Someone cobbled together an animation of what the CERN black hole might look like should this impossible event come to pass. Thanks to the Brain Release valve team for this one. And a nice Firefly music video Nathan Fillion tweeted this week…
I am gearing up for the New Year celebration tonight, so to keep it easy I thought I would pass along a couple of gems from AMNH, the American Museum of Natural History. But first, I need to send my congratulations to Action Flick Chick for winning this years Women of the Web competition.
Did you know Leonard Nimoy got his start in science fiction as the third zombie in Zombies of the Stratosphere? You can learn about that, his new roll in Fringe, tidbits about Trek XI and XII, and more at his interview on Subspace Communique. If you want a bit more, try the LA Times: Nimoy on William Bell article. The word from EW’s Michael Ausiello is that NBC may have decided to move up its scheduled launch of Chuck from March to possibly as early as the end of this month. If they do that, it increases the odds of their buying more than the 13 episodes they originally signed up for. Good news indeed! In Dublin, Ireland is a place that seems to be a science museum crossed with an art gallery. Called the Science Gallery, they just opened up a new exhibit entitled What If…?. In this exhibit they explore possible developments in technology, and each entry has its own Twitter hashtag they ask you use when leaving comments. Here are highlights from their Science Gallery Youtube Channel of their last exhibit, Bubbles: Don’t Burst Them.
Once more, the team from the Annals of Improbable Research have handed out another year’s Ig Nobel Prizes. From the Gas Mask Bra to Tequila Diamonds, this years winners share a trait in common with each other and all previous winners. First they make you laugh… and then they make you think (mostly about how gullible some grant organizations may be, but every so often about the real-world problem that inspired the research in the first place). Some of the winners are just plain silly, and some, like the financial and mathematical winners, are very scary, but the fact that real scientists do this kind of thing gives me hope for the world. And then there is why people explore other worlds… one of my favorite SG1 moments starring Adam Baldwin, this video embed was inspired by SciFi Fangirl’s posting last night.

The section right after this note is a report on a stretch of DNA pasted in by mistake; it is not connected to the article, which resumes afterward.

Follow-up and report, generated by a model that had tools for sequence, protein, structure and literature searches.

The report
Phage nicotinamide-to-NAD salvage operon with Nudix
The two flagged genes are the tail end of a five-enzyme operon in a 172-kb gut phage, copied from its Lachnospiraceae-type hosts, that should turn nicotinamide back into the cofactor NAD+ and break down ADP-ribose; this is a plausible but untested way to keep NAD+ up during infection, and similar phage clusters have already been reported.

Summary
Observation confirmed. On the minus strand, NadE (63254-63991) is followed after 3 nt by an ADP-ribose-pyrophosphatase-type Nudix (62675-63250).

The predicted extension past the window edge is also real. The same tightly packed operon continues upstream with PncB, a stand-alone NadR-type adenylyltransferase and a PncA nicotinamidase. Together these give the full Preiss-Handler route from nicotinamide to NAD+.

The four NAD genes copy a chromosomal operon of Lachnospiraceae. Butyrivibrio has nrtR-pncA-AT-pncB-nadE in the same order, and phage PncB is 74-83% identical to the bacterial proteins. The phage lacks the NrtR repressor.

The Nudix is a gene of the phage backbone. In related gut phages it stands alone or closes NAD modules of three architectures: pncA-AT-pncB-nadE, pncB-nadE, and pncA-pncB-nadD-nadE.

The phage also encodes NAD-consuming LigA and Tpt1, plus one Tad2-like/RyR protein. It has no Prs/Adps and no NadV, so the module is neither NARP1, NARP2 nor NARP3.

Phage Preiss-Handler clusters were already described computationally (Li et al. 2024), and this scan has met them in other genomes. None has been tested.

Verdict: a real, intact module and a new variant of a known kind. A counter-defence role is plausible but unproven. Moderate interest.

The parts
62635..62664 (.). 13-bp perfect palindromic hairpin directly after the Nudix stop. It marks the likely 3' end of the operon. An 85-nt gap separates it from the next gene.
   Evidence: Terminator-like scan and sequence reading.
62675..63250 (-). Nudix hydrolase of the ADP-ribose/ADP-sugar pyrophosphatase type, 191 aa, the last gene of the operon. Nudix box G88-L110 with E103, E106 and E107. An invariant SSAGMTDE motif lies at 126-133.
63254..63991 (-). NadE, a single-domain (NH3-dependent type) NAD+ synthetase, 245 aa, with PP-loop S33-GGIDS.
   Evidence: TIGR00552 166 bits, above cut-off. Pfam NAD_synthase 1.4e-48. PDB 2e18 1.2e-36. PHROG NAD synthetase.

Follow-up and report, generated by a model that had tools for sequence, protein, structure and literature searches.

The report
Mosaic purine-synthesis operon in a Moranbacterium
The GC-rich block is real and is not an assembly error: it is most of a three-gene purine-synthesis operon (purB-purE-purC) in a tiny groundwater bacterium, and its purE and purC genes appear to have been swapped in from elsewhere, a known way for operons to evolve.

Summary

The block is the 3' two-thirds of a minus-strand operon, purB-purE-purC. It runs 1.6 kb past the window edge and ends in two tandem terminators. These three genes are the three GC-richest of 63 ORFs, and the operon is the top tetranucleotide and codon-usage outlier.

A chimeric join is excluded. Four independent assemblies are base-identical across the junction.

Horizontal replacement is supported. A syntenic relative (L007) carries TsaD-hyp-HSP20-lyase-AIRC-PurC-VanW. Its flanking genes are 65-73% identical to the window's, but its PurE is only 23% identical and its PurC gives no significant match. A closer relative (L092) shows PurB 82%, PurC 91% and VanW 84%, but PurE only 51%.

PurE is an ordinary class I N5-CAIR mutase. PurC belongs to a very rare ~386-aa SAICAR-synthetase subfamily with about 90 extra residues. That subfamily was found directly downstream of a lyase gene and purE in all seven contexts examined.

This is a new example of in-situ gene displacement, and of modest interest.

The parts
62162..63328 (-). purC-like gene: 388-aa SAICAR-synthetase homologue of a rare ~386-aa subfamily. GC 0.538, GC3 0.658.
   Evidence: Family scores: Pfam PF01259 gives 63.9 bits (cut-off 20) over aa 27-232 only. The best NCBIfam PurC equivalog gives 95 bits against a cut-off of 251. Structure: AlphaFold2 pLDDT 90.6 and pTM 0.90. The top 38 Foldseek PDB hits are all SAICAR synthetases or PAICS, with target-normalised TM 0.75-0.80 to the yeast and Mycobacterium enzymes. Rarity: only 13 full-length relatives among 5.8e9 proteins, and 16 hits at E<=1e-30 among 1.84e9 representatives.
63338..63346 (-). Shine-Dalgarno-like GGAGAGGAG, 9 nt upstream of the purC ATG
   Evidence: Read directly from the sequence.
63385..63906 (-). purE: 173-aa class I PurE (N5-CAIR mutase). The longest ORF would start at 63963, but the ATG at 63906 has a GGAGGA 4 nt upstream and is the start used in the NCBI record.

If you find yourself flying through D.C. with a layover at Dulles Airport of 2 hours or more, you can take a shuttle over to the Steven F. Udvar-Hazy Center. Located on the Dulles grounds, it is another branch of the National Air and Space Museum of the Smithsonian. Among the exhibits there is the US Space Shuttle Enterprise, and all the satellite, spacecraft, and aircraft displays you would expect. But there are a few other SciFi goodies as well, including the most complete classic ray gun collection I have ever seen, a small assortment of Robots, a phone booth in the shape of a Mercury capsule, and an R2-D2 USPS mailbox.
It’s that time of year again; this week New Scientist has their Science Fiction Special on the newsstands. In honor of that they have posted Sci-Fi: The Fiction of Now. They have Flash Fiction from Steven Baxter, Nicola Griffith, Ken MacLeod, Ian McDonald, Paul McAuley, Ian Watson, and more. The also have book reviews on some favorite authors, as well as their usual collection of cutting-edge science news. And in honor of Talk Like A Pirate Day, there is now a Pirate Talk App that looks like silly fun.